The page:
University archives will remain in Leiden
On 24 November 2011 Leiden University and the Nationaal Archief (National Archives of the Netherlands) signed an agreement on the deposit of and access to the archives of Leiden University.
Anyone investigating the history of Leiden University will quickly find himself in the Special Collections of Leiden University Libraries. Here one can study, amongst many other collections, the archives of the Senate, of the Curators (presently: Board of Directors), the Faculties, the University Council, and other institutional bodies, covering the period from 1575, when the university was founded, to about 1990.
Well over fifty archival entities (comprising more than 500 metres of shelf space) contain information on teaching and research, professors, lecturers and students, finances, housing, contacts with other institutions, and on a host of other – scientific, political and managerial – issues that have arisen during the last four hundred years. The most recent acquisition is the archive of the world-famous Leiden Observatory.
According to the Dutch Archives Act the governmental archives, including those of the state universities, should be deposited in a public archive within twenty years after their creation. For Leiden University the repository is the Nationaal Archief in The Hague (it being the record office of the province of Zuid-Holland).
Yet these archives have been kept in Leiden University Library since 1908. One reason for this are the close relations (with respect to their content) of the university archives with the Special Collections. Many of the personal archives kept as a part of the Special Collections were given by Leiden academics, among whom the classical scholar Josephus Scaliger (1540-1609) and the historian Johan Huizinga (1872-1945). Moreover, the university administrators have always taken the view that the university archives should remain in Leiden.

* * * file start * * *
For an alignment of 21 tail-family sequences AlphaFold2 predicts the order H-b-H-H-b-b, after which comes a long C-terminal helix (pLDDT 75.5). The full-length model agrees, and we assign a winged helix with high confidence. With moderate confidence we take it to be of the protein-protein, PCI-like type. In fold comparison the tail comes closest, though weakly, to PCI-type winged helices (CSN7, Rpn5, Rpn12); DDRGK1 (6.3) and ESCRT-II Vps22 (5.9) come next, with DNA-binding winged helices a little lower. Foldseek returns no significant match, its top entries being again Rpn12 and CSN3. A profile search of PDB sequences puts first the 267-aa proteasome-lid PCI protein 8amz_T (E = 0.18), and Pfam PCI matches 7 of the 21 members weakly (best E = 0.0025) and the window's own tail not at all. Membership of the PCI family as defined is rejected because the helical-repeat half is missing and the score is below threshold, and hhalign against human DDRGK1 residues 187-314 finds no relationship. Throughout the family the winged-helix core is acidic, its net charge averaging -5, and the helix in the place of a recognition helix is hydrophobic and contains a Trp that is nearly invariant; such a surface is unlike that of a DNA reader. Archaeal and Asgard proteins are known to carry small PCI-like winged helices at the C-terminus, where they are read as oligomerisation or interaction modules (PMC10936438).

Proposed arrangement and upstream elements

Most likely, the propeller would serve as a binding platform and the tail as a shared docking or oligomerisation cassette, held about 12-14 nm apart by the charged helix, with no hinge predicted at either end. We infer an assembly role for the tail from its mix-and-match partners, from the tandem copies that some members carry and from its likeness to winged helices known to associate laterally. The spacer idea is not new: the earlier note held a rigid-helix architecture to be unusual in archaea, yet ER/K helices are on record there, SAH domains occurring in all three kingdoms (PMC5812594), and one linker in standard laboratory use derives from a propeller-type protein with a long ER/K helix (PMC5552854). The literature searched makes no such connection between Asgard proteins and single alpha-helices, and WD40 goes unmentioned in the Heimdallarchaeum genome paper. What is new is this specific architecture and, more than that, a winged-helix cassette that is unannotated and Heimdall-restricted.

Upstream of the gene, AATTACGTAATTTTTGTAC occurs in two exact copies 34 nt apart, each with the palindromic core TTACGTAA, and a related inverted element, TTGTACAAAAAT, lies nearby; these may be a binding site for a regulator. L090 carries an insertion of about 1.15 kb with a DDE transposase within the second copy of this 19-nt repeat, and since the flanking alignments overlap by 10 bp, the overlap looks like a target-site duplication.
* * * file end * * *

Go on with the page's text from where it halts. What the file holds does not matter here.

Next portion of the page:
On 24 November, 2011, regulation and practice were brought into accord. Paul van der Heijden, Rector Magnificus of Leiden University, and Martin Berendse, Algemeen Rijksarchivaris (National Archivist), concluded an agreement to formally hand over Leiden’s university archives to the National Archives. Simultaneously, the Algemeen Rijksarchivaris gave the archives back to Leiden University as a long-term loan. This all happened without so much as moving a snippet of paper.
The archives are made available by the University Library in Leiden under the same conditions as applied by the National Archives in The Hague. For the users nothing changes: like before everyone can consult the Leiden University Archives in the Special Collections Reading Room